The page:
At the same time, Bloomberg’s Mark Cranfield has a good little take out on Sunday evening (well, Monday where he is, I suppose). “Treasury yields are already anticipating a growth slowdown, which the central bank won’t be able to ignore, and that is a major USD negative”, he wrote, before noting that with USD/JPY and USD/CHF “leading the way” we just need to see the euro “get on board for investors to be fully convinced USD’s bullish days are over.” Cranfield continues, writing that when you look at “the long list of negatives against the [euro], it’s impressive that EUR/USD isn’t already trading on a 1.10 handle [and] with positioning skewed bearish, a move above 1.12 could trigger a nasty short squeeze higher for the cross.”
“We expect markets to trade defensively, with the JPY likely benefiting the most and EM FX underperforming the USD, even as the Fed cuts rates”, Barclays wrote Sunday, on the way to delivering the following somewhat handy summary:
Hopes that the muted start to the year would be offset by receding risks have quickly reversed with the breakdown in US-China trade talks and the US announcement of possible tariffs on Mexico last week. Moreover, any hopes of a US-China trade deal are being pushed out, as investors acknowledge prolonged uncertainty during this stand-off and risks of further escalation. Weak global growth prospects augur for continued support to the broad USD index strength, particularly vs. EM FX. Indeed, the USD index is back to year-to-date highs, with the GBP and CNY leading the losses, while reserve currencies such as the JPY have gained. A closer look at recent FX performance shows that only phases of synchronized growth momentum, where the RoW is catching up, have been consistent with broad USD depreciation.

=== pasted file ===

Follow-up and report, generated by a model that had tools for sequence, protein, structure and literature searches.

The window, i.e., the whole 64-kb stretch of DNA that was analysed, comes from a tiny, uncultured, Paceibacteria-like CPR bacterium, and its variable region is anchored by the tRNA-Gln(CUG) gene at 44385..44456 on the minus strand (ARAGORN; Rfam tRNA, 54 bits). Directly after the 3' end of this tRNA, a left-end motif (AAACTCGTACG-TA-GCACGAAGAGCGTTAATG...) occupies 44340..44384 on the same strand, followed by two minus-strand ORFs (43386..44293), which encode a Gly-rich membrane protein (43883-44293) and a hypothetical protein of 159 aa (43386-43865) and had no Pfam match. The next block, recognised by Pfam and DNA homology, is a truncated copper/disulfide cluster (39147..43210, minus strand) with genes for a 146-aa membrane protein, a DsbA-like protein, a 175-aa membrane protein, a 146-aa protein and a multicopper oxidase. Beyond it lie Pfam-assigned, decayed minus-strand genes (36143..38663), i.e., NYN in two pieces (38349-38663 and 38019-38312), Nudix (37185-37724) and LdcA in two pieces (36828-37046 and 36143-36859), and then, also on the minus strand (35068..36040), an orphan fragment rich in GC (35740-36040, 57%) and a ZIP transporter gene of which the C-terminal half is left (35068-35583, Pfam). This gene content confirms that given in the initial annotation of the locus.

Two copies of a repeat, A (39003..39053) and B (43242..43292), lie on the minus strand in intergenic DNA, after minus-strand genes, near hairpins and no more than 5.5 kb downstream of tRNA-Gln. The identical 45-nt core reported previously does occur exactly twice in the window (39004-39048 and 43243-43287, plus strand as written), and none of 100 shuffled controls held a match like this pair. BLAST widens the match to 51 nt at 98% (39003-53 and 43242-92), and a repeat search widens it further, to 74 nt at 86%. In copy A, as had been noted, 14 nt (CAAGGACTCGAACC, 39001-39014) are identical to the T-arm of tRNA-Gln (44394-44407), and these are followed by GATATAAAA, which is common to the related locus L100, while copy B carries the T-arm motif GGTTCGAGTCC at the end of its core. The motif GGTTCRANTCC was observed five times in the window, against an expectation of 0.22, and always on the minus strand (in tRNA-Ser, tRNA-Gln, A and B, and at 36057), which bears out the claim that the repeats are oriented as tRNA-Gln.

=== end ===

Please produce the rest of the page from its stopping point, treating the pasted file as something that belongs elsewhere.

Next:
Adding to the impetus for dollar strength (even in the face of Fed cut bets and deteriorating US data, assuming more cracks start to show), is the dovish pivot by the FOMC’s global counterparts. That will continue this week.
The RBA will almost surely cut on Tuesday after months of speculation. Last week, as bonds rallied across the globe, 10-year yields down under fell below the RBA cash rate (top pane).
It’s now a race to the bottom when it comes to RBA watchers. Last week, the vaunted Bill Evans said a trio of cuts are in the cards and JPMorgan took it a step further, predicting 100bp of easing by mid-2020. “A number of developments in recent months suggest the RBA is unlikely to achieve desired macro-economic outcomes with only 50bp of easing”, the bank wrote.
“A 25bp cut is unlikely to fuel optimism on growth yet, especially with the June RBA OIS pricing in 100% chance of a cut”, Barclays said Sunday. “Since the May meeting, the unemployment rate unexpectedly rose to 5.2%, 1Q2019 wages surprised to the downside and – most importantly – Governor Lowe strongly guided to near-term rate cuts”, Goldman remarked.